Like many avid readers, I have a problem.
While the piles of to-be-read books on my shelves do spark joy for me, they also spark anxiety over all the money I’ve spent on them. Those four books? That’s $100 I could have put toward a new laptop. And those three over there? That’s half a student loan payment.
In 2017, I made the financial decision to go cold turkey. I didn’t stop reading, mind you. Only stopped purchasing books for myself.
It’s one of the best decisions I have ever made.
I am not the only one trimming my book budget these days. Fellow Rioter, Courtney Rodgers is in the throngs of her no buy year, which eliminates all unnecessary shopping not just books.
I wish Courtney the same luck I found. It’s nearly three years later, I am still going strong.
So how do I manage to maintain the habit without hurting my budget?
Curate a wish list for gift ideas
I recognized that the root of my anxiety was my personal financial expenditure. If you were to buy me a book and it waited patiently on my shelf for its turn to be read, I felt no remorse. So for holidays and my birthday, I share my reading wish list with those who were looking for gift ideas.
Curating the list forced me to really prioritize what I wanted to read, and what I was too impatient to wait for at my library. It’s truly a win-win. I get a gift I am excited about (like Wolf by Wolf by Ryan Gaudin) and my loved ones say they’re saved the stress of wondering, “Has Sarah read this yet?”
Find a book swap buddy (or two!)
There’s no better friend than one who will lend you their books. I often find that some of my favorite reads have been titles lent to me by a loved one. (Six of Crows by Leigh Bardugo, for example).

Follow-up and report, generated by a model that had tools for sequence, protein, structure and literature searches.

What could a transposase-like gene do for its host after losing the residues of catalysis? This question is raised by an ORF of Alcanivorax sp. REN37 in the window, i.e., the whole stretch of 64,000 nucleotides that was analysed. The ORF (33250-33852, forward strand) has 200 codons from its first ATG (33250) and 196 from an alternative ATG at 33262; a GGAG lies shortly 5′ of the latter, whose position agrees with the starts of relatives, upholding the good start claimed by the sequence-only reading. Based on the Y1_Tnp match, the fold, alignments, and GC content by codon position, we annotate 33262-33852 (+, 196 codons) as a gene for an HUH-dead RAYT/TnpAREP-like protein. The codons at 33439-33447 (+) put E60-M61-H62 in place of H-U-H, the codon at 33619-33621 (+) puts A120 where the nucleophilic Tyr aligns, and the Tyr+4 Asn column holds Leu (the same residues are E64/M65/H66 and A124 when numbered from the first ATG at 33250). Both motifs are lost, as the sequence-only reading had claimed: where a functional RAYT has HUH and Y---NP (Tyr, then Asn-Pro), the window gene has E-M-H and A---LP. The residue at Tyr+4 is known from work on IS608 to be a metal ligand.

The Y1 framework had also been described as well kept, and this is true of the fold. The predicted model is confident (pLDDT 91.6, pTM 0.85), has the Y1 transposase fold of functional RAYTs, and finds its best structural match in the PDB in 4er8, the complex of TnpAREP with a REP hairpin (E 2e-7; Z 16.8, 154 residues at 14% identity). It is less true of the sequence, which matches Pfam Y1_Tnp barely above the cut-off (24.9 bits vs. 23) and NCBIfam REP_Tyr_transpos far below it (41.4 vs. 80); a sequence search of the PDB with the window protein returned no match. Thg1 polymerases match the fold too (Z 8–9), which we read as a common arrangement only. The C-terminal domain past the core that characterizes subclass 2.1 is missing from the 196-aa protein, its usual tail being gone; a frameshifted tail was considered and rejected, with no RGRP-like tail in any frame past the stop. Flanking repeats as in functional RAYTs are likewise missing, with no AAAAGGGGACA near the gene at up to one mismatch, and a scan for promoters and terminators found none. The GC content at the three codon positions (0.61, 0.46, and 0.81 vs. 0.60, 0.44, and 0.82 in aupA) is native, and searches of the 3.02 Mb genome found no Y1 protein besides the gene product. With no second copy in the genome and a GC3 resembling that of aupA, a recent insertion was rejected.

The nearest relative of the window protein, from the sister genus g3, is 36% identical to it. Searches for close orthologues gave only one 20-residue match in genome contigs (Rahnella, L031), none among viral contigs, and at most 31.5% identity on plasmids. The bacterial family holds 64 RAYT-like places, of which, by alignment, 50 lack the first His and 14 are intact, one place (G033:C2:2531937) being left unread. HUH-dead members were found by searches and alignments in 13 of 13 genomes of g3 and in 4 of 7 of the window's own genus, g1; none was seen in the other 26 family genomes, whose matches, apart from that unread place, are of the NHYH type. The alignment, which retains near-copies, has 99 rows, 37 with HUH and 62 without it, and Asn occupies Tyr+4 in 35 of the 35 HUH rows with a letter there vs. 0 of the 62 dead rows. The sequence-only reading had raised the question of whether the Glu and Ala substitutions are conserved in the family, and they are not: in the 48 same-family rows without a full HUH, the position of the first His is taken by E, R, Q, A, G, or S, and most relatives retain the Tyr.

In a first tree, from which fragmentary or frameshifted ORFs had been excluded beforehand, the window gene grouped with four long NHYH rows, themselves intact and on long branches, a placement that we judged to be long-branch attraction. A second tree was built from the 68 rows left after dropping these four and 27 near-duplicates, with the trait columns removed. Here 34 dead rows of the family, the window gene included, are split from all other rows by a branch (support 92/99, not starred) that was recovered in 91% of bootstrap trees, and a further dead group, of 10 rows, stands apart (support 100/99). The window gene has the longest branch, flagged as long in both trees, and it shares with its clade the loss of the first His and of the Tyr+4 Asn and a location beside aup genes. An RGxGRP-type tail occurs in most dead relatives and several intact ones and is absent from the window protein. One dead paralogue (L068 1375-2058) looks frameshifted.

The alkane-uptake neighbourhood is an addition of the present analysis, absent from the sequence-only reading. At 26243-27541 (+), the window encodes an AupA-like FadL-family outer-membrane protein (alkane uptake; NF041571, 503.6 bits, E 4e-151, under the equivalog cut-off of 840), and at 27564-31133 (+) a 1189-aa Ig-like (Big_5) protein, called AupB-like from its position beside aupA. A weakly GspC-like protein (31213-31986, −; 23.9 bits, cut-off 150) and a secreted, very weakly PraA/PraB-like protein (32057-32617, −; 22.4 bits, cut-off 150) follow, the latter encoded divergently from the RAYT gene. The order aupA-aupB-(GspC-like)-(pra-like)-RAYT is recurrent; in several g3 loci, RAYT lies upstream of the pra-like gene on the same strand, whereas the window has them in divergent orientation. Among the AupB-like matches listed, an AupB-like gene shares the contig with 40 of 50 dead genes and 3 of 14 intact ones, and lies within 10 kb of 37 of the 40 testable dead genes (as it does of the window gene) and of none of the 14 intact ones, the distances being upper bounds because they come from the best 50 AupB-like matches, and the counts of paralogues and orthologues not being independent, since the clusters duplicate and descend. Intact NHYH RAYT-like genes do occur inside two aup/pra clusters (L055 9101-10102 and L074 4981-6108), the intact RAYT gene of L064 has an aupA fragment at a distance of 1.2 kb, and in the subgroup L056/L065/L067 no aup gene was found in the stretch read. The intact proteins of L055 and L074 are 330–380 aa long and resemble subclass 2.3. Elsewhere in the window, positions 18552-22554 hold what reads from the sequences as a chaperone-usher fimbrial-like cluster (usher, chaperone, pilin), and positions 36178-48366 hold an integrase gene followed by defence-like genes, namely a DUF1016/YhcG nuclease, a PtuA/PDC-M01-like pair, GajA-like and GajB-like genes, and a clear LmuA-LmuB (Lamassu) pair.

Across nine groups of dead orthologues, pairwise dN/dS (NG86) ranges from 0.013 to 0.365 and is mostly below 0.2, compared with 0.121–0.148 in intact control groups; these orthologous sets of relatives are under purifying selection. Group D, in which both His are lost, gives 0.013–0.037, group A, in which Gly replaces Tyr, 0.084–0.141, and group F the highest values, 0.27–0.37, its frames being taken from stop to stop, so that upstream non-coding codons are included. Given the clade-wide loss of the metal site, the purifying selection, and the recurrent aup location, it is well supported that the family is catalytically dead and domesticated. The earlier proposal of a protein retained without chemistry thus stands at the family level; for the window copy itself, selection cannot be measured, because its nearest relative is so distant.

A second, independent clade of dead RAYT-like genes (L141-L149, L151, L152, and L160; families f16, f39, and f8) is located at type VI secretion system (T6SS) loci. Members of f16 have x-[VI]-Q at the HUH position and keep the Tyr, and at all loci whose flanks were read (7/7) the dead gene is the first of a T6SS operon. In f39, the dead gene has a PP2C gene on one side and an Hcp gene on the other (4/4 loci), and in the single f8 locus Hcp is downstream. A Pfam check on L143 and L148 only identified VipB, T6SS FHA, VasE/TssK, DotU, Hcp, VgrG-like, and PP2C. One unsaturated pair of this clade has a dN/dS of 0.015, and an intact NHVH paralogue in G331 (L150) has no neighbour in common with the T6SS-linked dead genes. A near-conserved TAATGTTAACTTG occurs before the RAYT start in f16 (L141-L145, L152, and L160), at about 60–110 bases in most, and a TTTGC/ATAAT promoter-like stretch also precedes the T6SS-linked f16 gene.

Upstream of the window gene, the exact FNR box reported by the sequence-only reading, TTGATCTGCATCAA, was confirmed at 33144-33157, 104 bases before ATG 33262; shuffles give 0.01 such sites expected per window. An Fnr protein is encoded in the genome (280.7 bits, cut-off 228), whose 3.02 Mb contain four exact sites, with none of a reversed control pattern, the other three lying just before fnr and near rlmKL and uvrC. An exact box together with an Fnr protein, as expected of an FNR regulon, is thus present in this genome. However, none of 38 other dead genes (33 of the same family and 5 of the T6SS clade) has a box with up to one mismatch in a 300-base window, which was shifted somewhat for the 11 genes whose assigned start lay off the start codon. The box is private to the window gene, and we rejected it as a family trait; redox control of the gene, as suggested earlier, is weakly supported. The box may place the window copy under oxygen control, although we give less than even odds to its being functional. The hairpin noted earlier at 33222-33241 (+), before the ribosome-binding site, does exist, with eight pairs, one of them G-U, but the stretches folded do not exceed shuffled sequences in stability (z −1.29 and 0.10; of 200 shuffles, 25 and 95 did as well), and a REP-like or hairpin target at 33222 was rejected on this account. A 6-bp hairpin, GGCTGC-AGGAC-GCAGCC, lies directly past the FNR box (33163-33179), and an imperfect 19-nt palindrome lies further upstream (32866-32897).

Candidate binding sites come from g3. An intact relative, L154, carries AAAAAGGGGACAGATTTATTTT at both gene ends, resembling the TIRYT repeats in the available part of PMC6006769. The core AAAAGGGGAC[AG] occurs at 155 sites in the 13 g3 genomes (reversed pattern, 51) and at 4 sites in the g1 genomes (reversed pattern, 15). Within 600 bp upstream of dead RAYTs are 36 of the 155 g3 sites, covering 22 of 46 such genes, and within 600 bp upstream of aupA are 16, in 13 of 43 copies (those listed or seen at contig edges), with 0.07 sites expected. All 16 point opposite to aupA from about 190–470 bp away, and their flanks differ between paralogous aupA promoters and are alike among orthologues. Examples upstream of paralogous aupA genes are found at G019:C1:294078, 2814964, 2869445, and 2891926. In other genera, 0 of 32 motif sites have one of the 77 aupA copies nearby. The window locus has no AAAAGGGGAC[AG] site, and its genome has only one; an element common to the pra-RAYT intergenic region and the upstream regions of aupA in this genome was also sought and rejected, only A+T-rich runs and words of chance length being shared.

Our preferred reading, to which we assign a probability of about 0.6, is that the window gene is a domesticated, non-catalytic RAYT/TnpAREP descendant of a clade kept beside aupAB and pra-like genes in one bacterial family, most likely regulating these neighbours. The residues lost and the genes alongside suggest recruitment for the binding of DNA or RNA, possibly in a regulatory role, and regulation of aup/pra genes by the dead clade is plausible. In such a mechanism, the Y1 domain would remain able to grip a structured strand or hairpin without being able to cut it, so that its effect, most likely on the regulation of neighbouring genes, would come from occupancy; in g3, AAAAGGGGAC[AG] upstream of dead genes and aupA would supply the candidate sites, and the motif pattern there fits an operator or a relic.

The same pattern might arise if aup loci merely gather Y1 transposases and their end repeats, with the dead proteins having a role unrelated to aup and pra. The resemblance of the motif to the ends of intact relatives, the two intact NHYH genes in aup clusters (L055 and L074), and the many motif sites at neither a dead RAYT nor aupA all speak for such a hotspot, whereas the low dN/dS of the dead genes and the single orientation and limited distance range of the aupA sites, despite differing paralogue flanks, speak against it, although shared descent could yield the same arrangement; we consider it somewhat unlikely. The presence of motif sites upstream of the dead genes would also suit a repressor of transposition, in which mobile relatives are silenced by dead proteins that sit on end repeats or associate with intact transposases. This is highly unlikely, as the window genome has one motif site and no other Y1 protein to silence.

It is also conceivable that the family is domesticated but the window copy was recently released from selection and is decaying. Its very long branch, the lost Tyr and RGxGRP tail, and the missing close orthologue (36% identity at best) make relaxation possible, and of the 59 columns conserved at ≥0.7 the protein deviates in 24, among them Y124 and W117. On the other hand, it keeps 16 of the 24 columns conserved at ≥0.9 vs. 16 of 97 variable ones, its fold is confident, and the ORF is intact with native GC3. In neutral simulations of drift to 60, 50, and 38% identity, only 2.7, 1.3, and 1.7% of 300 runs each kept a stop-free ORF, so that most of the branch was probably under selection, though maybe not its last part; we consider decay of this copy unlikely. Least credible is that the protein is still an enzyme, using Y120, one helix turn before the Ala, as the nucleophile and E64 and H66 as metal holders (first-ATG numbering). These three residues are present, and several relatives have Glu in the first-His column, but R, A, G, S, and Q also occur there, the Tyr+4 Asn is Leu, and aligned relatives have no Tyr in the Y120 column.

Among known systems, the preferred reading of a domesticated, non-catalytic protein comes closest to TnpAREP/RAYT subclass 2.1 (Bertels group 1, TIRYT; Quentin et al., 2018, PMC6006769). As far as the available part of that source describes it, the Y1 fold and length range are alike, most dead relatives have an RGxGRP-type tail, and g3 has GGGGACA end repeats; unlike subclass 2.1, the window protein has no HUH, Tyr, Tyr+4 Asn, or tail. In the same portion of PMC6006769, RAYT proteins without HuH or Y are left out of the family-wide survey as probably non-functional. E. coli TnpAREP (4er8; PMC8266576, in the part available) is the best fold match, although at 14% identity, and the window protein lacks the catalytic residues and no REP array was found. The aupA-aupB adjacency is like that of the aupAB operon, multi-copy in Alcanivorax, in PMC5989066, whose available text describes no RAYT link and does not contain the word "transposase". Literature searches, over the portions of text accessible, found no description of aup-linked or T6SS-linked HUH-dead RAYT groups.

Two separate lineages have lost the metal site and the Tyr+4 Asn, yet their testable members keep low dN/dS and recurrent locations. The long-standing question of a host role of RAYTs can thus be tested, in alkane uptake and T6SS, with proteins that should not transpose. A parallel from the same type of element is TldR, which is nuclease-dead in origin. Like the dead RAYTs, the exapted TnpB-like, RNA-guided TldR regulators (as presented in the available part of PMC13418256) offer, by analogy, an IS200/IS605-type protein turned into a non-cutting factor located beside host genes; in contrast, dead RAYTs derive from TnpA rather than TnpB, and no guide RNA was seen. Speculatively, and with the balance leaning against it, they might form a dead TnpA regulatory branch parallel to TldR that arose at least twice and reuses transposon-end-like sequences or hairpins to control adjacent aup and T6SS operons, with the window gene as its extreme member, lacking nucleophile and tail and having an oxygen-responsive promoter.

Any time I am at my sister’s or aunt’s house, I browse their shelves and ask to borrow something if it catches my eye.
If you don’t have a friend who shares your tastes, you can always explore community events. Books swaps, Little Free Libraries and Buy Nothing groups allow neighbors to share easily with one another.
The catch? Give as freely as you get. If you expect to borrow books, please extend the same courtesy and open your library in return.
Earn credit to the Google book store
Did you know you can earn rewards by participating in Google surveys? Simply download the app and surveys will be sent to you periodically. They are usually less than four questions each. You don’t earn credit for every survey you complete, but in the three years I’ve been participating, I have earned more than $120. I apply my credit to my Google Books app to support and buy the latest work of my favorite authors. (My latest purchase was Pride by Ibi Zoboi.)
Get familiar with Libby
Libby by Overdrive, allows me to browse, borrow and read (or listen to) items from my local library all within one single app. The app also curates some great reading lists that make it easy to explore diverse topics and titles I might never have heard of before.